Example of a partnership failing to generate collective action

A third sector collaboration with the Scottish Government was described by an interviewee. They had worked on developing a series of Principles for Positive Partnership that was meant to provide guidance to Scottish Government grant managers and third sector grant holders on how to work well together. This was identified as a need due to frequent moves in post by civil servants, who might find themselves with a portfolio of funds to manage without having a good understanding of the organisations involved, the purpose of the funds or the history of the funding relationships. This work was carried out by third sector colleagues without any additional funding and the interviewee reflected that a lot of time and energy was put into it. Unfortunately, they now come across people who are grant managers who have not heard of this work and felt that despite their efforts, the work had not resulted in any change.

The ability to have open and honest conversations was raised by many interviewees as a key to any kind of healthy partnership. Honest conversations allow the sectors working together to admit that mistakes have been made and discuss what can be done to improve things in the future, without fear of repercussions or allocation of blame. Commitment to such conversations can build trust in the partnership over time. One local government interviewee said:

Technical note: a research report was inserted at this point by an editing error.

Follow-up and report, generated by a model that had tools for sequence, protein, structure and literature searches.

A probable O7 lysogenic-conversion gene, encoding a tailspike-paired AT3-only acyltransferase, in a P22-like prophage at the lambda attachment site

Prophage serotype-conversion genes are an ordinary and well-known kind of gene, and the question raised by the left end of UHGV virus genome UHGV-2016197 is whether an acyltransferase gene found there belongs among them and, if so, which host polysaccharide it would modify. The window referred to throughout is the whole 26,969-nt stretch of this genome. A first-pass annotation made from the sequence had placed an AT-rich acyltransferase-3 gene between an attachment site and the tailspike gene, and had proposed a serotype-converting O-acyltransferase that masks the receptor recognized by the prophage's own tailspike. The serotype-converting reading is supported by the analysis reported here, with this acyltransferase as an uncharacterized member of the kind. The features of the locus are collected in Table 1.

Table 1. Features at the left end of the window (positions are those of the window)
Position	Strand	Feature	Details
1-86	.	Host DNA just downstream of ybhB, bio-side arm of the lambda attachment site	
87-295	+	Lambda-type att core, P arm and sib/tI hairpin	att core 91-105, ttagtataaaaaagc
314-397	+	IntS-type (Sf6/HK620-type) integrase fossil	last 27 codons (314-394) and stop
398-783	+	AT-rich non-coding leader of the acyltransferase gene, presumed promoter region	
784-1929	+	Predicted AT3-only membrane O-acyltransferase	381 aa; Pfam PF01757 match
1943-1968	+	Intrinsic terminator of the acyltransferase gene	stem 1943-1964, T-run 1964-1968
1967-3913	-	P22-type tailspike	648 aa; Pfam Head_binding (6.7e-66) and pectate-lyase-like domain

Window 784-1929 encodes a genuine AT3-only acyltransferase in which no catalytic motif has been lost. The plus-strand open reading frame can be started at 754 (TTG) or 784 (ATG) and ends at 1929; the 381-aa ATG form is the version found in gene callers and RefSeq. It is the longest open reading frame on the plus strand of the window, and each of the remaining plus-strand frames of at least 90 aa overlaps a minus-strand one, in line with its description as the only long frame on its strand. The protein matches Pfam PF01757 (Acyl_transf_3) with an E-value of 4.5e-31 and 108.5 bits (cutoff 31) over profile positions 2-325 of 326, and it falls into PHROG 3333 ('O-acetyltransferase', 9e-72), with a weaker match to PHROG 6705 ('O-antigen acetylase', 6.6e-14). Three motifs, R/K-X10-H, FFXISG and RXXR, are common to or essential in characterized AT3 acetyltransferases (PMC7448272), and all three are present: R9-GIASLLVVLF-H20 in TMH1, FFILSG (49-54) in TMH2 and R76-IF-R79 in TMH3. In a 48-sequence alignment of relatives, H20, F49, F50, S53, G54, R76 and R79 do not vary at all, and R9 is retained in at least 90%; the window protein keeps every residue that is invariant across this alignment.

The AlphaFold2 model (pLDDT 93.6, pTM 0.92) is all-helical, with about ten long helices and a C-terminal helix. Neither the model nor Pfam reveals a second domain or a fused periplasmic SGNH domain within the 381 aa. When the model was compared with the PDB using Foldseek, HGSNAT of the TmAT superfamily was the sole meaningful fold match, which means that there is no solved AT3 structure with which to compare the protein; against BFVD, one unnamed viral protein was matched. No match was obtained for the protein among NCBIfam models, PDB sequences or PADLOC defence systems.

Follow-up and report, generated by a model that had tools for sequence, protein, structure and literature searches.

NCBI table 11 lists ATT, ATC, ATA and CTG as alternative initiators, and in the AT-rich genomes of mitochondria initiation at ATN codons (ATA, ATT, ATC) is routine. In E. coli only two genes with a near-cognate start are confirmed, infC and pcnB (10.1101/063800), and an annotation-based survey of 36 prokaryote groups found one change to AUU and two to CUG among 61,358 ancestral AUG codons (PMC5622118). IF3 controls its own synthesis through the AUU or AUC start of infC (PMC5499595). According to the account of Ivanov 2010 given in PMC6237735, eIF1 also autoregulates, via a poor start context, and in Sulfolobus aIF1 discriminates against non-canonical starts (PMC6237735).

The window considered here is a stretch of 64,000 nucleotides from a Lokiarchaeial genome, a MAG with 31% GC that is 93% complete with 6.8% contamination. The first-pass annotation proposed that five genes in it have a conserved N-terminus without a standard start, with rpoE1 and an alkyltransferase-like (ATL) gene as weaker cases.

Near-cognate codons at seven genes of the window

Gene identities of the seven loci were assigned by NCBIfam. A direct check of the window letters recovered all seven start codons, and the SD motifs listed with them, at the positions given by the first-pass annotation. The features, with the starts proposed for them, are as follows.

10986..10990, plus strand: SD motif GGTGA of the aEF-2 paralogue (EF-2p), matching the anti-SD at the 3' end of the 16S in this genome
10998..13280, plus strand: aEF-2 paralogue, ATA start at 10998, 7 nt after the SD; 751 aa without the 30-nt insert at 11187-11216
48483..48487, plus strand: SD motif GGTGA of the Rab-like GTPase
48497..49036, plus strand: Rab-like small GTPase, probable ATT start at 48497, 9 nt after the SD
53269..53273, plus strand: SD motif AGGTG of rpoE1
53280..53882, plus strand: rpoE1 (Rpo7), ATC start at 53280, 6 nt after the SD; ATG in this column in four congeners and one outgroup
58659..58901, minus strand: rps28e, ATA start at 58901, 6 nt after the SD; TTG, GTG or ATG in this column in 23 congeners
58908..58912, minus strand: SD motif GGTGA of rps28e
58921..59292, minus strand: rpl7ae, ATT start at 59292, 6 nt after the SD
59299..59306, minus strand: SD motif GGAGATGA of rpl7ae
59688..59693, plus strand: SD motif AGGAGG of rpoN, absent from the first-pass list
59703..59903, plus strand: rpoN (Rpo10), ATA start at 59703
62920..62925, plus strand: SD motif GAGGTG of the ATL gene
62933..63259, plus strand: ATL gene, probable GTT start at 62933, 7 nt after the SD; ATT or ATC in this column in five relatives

"I think that's where partnership working is developed, where you do not have to be on your best behaviour all the time, [you can] talk honestly with people, agree to disagree on certain things, but work together on the things that you can work together on. <…> It's not always sweetness and light, there will be disagreements."

However, interviewees mentioned that these open conversations don't always happen and sometimes partners working together only pay lip-service to communicating openly and trusting each other because it is seen as impolite to admit this. Lack of open communication then leads to a poor collaborative working relationship.

Transparency and communication can support a process that allows for a shared understanding to emerge over time, allowing collaborative partners to focus on common goals instead of competing for resources and/or power and influence. Research indicated that keeping the shared goals at the forefront of the collaboration often allows organisations to collaborate better, because they stop caring as much about their individual achievements and start focusing on how to meet their end goals[64]. Interviewees acknowledged that there is a growing understanding in the public sector that the third sector has a crucial part to play in delivering services and support to people and communities. One third sector contributor said:

"Fundamentally, what we're trying to do is to make sure that everybody has an opportunity to flourish, whatever that means. <…> I'm not a big fan of describing the world in three sectors, I think that starts out by dividing us. I'd much rather see us as citizens who want to collaborate and the legal status of our employer should be pretty irrelevant."